The (Im)mobile Gaze: Witnessing, Remembering, and Navigating Difficult Pasts via Moving Images
My departure point in this paper is anintentional mis-reading of title of the conference “And Yet It Moves.” I will focus on the filmic medium’s potential to move emotions, affects, memories, and discussions about difficult pasts. My focus will be two films, whose protagonists are immobile -- forcibly displaced, imprisoned. In many ways, the protagonist of Senegalese director Ousmane Sembene’s La Noire de...and that of Turkish director Tevfik Baser’s 40-squaremeter Germany speak to each other. The former urges spectators to witness the postcolonial (im)mobility of Djuana-forced to stay home, serve, and clean. While the latter depicts a Turkish woman brought to Germany-to stay home, serve, cook, and clean. Both women are banned from the public space. From an intersectional perspective, the racialized and ethnicised women protagonists’ prohibition from the public space can be read as a metaphor for impossibility or denial of their existence. I will approach the(in)visibility and (im)mobility of these characters within the framework of Rancièrian aesthetics, and try to argue that by making these characters visible on the screen, these films not only illustrate more profound political, ethical, and philosophical issues but also urge a remembering, witnessing, and discussion of them.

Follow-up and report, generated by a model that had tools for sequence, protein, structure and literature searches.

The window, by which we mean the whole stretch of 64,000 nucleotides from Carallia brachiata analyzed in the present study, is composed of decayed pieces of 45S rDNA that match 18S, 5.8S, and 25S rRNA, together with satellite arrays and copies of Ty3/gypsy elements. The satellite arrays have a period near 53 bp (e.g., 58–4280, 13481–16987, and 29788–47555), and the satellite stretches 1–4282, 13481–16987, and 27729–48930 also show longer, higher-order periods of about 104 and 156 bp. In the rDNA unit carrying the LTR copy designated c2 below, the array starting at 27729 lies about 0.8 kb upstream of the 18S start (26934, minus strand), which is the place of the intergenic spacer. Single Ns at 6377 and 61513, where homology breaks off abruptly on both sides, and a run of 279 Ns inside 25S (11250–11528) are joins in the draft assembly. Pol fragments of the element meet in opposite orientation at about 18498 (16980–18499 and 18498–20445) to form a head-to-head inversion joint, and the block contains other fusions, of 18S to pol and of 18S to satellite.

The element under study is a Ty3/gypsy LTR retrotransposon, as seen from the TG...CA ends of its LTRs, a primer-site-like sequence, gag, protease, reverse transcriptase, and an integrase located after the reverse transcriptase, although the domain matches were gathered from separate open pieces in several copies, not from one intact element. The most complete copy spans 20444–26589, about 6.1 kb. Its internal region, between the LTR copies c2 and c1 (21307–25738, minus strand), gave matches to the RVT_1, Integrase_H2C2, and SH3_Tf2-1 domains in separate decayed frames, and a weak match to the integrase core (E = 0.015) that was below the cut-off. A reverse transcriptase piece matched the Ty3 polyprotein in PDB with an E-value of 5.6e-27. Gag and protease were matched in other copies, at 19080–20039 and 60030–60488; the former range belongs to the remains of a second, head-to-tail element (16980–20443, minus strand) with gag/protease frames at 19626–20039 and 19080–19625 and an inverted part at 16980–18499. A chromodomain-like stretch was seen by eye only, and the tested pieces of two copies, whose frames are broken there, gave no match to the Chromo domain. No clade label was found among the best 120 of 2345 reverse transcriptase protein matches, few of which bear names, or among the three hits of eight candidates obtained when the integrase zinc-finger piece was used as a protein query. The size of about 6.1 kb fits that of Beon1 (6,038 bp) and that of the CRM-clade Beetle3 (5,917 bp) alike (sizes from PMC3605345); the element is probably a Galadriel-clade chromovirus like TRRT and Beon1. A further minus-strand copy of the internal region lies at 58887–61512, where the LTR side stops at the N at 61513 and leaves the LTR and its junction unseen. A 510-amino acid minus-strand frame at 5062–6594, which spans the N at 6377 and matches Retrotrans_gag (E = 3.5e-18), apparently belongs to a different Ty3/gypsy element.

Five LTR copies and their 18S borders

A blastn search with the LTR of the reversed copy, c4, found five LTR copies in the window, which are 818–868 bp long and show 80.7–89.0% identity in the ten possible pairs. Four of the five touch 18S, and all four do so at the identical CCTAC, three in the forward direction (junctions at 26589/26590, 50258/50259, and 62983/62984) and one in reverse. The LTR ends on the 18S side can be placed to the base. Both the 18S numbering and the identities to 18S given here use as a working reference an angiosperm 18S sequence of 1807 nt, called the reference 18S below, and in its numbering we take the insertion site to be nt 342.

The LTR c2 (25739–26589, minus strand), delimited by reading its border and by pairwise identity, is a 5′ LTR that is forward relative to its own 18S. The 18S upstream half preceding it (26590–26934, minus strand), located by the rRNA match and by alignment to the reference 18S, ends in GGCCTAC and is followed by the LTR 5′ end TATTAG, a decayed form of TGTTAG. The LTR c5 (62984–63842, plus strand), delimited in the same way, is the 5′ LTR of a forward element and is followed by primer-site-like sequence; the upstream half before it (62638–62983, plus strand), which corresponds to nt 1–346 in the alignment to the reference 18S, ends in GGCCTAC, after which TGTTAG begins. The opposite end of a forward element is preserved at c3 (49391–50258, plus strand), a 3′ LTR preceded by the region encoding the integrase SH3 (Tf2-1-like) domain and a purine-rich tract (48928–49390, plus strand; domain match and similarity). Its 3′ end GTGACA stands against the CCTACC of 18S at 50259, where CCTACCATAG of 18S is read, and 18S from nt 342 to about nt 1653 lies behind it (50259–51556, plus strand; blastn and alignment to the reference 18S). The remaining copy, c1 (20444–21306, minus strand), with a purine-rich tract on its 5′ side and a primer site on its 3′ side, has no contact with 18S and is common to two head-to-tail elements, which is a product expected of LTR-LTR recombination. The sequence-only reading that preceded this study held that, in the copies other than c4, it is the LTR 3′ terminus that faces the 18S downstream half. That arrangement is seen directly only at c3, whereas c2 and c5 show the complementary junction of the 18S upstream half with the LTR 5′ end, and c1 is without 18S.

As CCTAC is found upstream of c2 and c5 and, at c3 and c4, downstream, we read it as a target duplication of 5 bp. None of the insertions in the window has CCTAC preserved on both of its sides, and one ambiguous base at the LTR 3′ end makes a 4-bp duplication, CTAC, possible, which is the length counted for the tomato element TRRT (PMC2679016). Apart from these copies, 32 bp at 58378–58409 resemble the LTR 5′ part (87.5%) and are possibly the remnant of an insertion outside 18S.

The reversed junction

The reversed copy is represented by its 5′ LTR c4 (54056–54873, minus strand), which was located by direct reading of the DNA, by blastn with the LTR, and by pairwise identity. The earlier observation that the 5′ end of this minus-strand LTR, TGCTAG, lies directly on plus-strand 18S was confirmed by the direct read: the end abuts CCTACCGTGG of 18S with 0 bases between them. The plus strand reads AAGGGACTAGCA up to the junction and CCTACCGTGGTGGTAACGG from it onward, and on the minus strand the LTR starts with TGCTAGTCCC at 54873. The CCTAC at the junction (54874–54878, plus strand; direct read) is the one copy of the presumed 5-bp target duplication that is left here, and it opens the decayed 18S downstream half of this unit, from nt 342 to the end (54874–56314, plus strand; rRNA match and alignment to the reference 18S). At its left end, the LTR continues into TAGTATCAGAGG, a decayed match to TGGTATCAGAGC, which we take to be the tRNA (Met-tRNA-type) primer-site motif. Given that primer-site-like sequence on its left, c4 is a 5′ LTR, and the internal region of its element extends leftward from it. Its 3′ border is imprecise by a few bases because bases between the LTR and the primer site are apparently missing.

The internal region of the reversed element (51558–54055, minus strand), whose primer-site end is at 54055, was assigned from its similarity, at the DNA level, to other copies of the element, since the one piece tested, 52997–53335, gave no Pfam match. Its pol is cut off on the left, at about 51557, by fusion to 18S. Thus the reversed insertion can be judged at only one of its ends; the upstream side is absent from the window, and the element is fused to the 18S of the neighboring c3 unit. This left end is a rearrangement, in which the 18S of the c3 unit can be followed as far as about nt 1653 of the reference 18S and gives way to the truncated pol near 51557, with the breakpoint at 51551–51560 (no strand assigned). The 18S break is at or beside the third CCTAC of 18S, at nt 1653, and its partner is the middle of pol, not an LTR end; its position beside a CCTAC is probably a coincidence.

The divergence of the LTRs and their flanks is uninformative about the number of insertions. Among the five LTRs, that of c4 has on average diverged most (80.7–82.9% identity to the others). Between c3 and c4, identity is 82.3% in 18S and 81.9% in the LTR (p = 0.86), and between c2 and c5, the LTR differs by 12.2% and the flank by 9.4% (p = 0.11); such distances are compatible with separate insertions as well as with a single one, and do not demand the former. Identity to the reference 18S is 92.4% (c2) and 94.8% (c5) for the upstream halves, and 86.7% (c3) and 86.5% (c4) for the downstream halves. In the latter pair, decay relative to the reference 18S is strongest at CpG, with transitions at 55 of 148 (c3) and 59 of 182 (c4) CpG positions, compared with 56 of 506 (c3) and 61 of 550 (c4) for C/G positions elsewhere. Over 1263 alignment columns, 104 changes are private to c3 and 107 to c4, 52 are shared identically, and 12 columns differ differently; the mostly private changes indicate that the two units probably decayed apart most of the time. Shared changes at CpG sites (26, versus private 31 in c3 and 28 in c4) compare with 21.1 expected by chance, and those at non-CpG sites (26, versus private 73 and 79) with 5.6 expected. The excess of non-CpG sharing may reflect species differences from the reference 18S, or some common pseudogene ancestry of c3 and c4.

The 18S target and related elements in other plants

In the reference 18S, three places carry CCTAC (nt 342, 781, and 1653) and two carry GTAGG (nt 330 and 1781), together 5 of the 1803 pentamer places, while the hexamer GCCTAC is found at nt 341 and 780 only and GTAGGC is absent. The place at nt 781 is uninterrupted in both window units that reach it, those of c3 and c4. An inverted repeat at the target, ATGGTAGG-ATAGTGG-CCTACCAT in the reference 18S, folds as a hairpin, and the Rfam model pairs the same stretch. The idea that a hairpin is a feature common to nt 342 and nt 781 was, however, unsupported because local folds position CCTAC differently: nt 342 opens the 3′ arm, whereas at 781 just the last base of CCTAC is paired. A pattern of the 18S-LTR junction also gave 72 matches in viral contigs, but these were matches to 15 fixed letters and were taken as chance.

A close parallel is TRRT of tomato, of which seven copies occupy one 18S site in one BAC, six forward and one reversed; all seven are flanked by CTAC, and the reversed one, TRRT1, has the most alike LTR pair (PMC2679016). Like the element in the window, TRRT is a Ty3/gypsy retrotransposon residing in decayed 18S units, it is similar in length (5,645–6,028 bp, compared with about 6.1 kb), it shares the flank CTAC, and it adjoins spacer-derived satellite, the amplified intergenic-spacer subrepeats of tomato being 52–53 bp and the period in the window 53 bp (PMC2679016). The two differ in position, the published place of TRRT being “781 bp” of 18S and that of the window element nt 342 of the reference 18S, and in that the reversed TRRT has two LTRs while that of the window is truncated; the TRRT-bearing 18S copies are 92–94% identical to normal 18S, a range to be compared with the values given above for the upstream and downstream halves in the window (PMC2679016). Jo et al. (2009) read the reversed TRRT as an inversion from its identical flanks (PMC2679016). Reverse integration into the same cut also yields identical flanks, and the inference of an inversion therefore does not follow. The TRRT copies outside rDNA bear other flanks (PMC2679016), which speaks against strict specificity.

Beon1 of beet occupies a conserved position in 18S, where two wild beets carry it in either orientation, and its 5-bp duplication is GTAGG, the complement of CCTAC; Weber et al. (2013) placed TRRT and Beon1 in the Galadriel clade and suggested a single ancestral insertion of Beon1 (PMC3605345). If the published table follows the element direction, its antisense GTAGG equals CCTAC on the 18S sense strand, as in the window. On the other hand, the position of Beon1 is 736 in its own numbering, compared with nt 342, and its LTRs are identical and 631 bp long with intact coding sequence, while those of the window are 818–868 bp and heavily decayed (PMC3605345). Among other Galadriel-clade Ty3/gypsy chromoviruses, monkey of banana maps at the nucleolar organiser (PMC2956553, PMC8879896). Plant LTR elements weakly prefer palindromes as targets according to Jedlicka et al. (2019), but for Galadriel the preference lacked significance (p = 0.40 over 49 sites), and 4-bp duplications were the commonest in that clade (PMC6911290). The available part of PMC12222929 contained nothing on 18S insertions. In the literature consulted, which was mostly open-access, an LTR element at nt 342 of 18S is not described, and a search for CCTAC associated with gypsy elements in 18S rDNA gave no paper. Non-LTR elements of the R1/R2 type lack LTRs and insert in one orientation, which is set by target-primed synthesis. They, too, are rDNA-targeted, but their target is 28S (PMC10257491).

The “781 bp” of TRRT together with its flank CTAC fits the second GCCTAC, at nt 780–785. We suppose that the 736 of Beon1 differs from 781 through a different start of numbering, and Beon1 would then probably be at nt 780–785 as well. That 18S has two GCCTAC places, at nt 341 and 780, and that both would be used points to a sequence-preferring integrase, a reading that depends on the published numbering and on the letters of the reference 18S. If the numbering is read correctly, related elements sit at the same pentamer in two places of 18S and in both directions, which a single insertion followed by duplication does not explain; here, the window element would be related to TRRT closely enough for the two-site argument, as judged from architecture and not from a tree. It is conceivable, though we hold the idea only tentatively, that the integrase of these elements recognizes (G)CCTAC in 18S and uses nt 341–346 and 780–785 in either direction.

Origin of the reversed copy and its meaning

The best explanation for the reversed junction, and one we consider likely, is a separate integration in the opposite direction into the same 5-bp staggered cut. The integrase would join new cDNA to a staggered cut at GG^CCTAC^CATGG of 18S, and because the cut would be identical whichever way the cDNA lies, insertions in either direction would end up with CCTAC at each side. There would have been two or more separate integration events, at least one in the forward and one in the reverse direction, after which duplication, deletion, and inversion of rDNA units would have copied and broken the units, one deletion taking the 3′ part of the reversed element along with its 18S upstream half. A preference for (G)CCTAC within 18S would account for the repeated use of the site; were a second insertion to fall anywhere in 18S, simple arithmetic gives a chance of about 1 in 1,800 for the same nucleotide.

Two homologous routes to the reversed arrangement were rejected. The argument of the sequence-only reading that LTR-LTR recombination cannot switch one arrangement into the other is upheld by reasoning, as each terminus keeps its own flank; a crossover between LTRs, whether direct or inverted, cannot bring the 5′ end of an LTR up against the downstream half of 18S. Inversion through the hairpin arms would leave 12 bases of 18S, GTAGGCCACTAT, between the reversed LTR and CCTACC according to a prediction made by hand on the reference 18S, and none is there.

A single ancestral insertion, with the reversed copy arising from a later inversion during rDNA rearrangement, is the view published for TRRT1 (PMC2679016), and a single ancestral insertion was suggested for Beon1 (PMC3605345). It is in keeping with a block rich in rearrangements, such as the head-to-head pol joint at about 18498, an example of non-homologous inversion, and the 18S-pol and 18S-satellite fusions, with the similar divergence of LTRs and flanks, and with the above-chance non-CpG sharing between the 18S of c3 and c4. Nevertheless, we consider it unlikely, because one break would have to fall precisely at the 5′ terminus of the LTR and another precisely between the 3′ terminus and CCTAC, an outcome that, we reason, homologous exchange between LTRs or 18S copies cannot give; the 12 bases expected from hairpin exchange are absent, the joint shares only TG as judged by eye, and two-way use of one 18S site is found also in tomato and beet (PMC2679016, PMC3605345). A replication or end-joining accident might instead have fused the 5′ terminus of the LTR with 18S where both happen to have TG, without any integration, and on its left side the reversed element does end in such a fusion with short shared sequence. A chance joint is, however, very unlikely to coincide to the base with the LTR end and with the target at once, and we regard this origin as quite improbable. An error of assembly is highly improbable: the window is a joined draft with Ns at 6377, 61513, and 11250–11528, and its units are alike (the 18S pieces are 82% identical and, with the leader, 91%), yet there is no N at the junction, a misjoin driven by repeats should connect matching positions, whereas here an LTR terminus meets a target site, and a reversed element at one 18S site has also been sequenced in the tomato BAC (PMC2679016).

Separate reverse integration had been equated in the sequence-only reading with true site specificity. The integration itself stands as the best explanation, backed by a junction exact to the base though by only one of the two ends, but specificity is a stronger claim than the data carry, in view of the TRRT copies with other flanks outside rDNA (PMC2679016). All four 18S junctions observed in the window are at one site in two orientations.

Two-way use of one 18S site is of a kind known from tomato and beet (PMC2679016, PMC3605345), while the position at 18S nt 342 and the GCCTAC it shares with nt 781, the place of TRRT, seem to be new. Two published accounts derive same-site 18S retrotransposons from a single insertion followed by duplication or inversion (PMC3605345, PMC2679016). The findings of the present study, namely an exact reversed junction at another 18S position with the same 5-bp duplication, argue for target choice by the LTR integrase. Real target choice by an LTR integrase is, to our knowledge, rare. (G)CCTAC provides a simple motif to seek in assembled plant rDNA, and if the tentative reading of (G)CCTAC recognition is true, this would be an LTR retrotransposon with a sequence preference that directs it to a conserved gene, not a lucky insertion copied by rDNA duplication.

Freedom to Cross(media): Migrating contents and Migration Stories in Manu Chao’s Music Videos
Contemporary cultural scene is characterised by theencounter of two imaginaries: that of the people in movement and that of the representations generated by images and information dissemination in the world (see Appadurai 1996). Its effect on imagination is evident when taking into account the topic of migrants’mobility, as specific images are at the premises of their choice to search for better life opportunities in other countries of the world, but other images shape their perception by destination countries’ inhabitants, often devoid of face-to-face experience. Imagination has thus become a battlefield, where most of the research about worldwide media representation shows the promotion of negative and stereotyped news and information on the matter (Philo, Briant & Donald2013). In opposition to this attitude, music videos have long assumed a commitment to convey a more correct and in-depth picture of the phenomenon, highlighting a significant awareness. After a brief review on this topic, our paper will focus on the recent work and long standing engagement on the matter by Manu Chao -discussing how his videos address it and the visual strategies (action cam footage, archive images, Tv news, comics and videogames) that they employ, recurring to remix and mash-up practices as well as becoming inspiration for further songs, videos and political activism with and by other artists, in the context of contemporary “digital plenitude” (Bolter, 2020).